Carlota Pi, cofounder and executive president at Holaluz
International funding and talent will pour into Spain
Spain will solidify its position as the most attractive destination for foreign capital in southern Europe, measured by the amount invested by both LPs and GPs. It will surpass every other European country for year-on-year rate of growth in cumulative venture capital investment amount.
The gap separating the financing market of Spain from those of Germany and France, historically more open and active, will consequently reduce. Regulation has always been one of the issues hindering the growth of the local venture economy, especially stock options and tax regulation. True change will take some more years to achieve, however, a new optimism around future reform will bring more talent to the entrepreneurial community.
Marta-Gaia Zanchi, founder and managing partner at Nina Capital
Healthtech, traveltech and enterprise software will be key industries
I firmly believe that we will have to look at everything with an impact, sustainability and gender lens, and this will apply to any industry and especially in the tech space.
Moreover, I predict that there will be more collaboration and business between the corporate world and the startup world, because both need each other.
It is clear that leadership nowadays involves and needs technology, which leads to technology-driven innovations across many industry verticals. Three key industries will be healthtech, traveltech and enterprise software.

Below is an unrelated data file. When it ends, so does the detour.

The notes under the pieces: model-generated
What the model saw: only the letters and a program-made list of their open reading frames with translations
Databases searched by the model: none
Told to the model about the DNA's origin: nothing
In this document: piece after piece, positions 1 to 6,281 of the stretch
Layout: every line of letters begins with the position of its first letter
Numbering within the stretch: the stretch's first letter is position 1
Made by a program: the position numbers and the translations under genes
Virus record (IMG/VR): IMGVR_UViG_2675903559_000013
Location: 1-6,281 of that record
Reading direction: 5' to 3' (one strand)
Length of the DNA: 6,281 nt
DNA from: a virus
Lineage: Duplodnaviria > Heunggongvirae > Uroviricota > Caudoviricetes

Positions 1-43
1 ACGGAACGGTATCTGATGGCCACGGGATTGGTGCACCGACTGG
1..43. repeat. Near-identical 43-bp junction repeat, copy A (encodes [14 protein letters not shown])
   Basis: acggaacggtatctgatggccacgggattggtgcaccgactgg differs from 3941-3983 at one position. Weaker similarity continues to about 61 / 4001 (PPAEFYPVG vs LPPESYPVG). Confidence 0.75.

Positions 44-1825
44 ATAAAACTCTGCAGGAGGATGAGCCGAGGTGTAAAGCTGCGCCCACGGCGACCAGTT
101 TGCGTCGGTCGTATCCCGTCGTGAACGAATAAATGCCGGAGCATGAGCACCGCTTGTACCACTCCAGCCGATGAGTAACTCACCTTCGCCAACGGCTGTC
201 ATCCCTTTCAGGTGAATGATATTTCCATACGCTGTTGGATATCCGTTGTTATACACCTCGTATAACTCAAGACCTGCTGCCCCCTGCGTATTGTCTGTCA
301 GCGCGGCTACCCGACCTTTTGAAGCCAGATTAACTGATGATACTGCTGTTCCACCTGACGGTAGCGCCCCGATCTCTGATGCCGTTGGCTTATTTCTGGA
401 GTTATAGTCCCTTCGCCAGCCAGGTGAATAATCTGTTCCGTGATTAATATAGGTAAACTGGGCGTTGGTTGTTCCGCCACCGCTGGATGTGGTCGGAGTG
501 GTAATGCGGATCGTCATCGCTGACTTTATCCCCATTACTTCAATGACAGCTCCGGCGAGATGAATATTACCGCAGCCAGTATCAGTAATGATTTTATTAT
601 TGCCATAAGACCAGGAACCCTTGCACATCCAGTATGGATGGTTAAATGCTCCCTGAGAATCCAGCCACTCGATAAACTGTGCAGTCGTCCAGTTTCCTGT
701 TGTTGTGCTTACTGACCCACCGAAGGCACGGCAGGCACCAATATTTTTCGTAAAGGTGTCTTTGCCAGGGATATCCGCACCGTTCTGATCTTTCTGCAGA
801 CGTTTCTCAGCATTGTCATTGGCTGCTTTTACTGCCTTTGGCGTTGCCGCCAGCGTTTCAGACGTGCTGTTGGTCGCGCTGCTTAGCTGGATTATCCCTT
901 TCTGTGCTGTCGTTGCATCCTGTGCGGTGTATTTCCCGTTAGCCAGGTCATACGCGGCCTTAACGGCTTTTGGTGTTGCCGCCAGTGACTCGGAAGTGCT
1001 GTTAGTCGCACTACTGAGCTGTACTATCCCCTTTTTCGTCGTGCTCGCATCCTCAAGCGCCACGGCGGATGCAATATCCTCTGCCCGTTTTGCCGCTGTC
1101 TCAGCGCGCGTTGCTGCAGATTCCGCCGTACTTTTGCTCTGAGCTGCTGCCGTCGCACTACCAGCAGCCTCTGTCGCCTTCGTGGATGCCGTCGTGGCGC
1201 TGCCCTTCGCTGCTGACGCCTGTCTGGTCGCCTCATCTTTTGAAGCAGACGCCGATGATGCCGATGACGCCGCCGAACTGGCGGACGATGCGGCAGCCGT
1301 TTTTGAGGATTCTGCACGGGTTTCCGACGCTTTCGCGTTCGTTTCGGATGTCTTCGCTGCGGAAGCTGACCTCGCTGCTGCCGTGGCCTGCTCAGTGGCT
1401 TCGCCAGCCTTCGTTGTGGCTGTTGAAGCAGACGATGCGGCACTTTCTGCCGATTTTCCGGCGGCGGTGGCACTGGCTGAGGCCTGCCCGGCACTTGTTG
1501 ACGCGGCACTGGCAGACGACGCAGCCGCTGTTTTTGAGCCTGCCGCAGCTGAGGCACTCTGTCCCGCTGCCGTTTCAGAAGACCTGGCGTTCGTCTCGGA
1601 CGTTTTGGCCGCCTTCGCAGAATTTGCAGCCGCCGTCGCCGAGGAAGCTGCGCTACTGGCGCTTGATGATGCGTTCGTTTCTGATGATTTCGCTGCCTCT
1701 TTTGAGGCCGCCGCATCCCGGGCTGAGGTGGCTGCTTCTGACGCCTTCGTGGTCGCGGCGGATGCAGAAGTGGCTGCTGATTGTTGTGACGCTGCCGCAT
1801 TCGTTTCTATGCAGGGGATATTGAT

Helena Torras, managing partner at Pao Capital
2022 will be an “explosive” year for Spanish tech
2022 will be an explosive year for the entrepreneurial ecosystem thanks to several factors that come together for the first time: more capital than ever for the early-stage phases and consolidation of the industry thanks to relevant operations of existing funds to provide liquidity to investors and explore new markets.
Spain has a privileged position in infrastructure that offers advantageous connectivity compared to other European countries, which facilitates the development of enabling technologies.
We have the capacity to become technology exporters, even more now after the approval of the ambitious new startup law that puts Spain among the leading countries in promoting entrepreneurial culture. We have the responsibility to make the most of the combination of these two advantages, a privileged position in connectivity and a very competitive law that encourages entrepreneurship.
Carina Szpilka, cofounder and managing partner at K Fund
Go to Publisher: Venture Capital – Sifted
Author: Tim Smith in Barcelona